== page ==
Just about the last time we heard from Justin Timberlake was at the end of 2013 in GQ’s “Man of the Year” issue (as… “#Hashtag of the Year”), where he said that he felt like “a bunch of people just took a s–t on my face.” This was after Runner Runner, his film with Ben Affleck, tanked at the box office and The 20/20 Experience: 2 of 2, his second album of the year, was rightly savaged by critics. America had begged Timberlake to come back, but we turned on him. The star, so used to being beloved, was spurned. Then he more or less disappeared.
Timberlake has been on tour since November 6 of last year. He took a few weeks off here and there, but otherwise he has been working maniacally. Of the past 192 days in 2014, Timberlake has played a show on 59 of them, and he has dates scheduled in every month through December. Part of this is pure capitalism, of course: every Timberlake show rakes in millions, and even his small show at Hammerstein Ballroom in New York City last night was sponsored by no less than three major credit card companies (Citi/AAdvantage & MasterCard Priceless Access). But his 13-month long work schedule insulated him from a public backlash so painful that he took to the pages of GQ to tell us how much we had hurt his feelings. “None of your opinions count,” he said in GQ of the press’ vitriol. “And by the way, none of you can do it.”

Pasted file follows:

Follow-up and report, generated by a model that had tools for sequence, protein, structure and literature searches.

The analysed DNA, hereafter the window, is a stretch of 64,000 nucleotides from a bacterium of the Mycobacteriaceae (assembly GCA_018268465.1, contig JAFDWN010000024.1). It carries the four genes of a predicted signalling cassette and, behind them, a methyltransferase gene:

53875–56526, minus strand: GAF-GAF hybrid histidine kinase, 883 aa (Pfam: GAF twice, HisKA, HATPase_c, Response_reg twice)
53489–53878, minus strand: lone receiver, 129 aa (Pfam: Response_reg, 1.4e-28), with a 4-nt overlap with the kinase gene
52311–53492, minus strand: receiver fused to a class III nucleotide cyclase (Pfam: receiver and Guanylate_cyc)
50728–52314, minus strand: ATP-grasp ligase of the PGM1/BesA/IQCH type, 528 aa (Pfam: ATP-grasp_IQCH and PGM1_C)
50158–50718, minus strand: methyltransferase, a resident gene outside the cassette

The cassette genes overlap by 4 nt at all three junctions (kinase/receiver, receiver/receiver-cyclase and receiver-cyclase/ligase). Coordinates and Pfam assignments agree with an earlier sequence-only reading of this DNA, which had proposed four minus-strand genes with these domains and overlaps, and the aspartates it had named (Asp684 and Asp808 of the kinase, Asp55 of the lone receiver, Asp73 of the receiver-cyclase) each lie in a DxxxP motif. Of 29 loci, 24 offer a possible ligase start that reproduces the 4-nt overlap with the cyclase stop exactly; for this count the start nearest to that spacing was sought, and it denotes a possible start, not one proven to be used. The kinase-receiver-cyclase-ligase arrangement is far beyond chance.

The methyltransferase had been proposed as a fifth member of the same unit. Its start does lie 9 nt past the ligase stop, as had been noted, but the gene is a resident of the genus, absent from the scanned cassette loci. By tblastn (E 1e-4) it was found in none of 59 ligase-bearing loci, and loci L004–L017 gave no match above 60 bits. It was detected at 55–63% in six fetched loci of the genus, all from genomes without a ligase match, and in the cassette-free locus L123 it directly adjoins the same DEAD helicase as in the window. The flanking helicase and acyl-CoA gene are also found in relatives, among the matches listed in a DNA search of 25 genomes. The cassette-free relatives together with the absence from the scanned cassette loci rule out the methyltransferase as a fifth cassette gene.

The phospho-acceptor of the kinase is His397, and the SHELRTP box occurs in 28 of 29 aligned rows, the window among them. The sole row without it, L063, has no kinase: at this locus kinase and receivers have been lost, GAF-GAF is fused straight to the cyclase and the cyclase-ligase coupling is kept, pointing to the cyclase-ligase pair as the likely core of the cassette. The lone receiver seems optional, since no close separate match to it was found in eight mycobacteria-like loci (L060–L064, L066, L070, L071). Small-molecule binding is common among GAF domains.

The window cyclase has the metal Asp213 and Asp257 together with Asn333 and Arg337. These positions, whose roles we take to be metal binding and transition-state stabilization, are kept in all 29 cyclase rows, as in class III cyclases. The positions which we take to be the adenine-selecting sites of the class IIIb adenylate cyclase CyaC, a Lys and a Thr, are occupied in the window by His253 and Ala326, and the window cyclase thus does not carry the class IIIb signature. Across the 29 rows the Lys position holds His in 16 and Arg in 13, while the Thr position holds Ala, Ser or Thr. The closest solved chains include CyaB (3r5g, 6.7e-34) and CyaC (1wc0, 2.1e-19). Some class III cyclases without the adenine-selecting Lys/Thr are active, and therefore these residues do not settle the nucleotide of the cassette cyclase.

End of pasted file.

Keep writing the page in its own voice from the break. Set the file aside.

Thankfully, inside the four walls of a venue, Timberlake can be everything he wants America to believe he is. For instance, on Thursday he entered the stage to a Frank Sinatra song and a man standing directly next to me turned to his friend and said “he is the Sinatra of our time,” which is a fable you only repeat after hearing it so many times that you think it must be true. But Timberlake can be the Sinatra of our time in front of his screeching fan base — I either heard him call his tuxedoed band the “Rat Pack,” or I hallucinated it. But if not, it was certainly implied.
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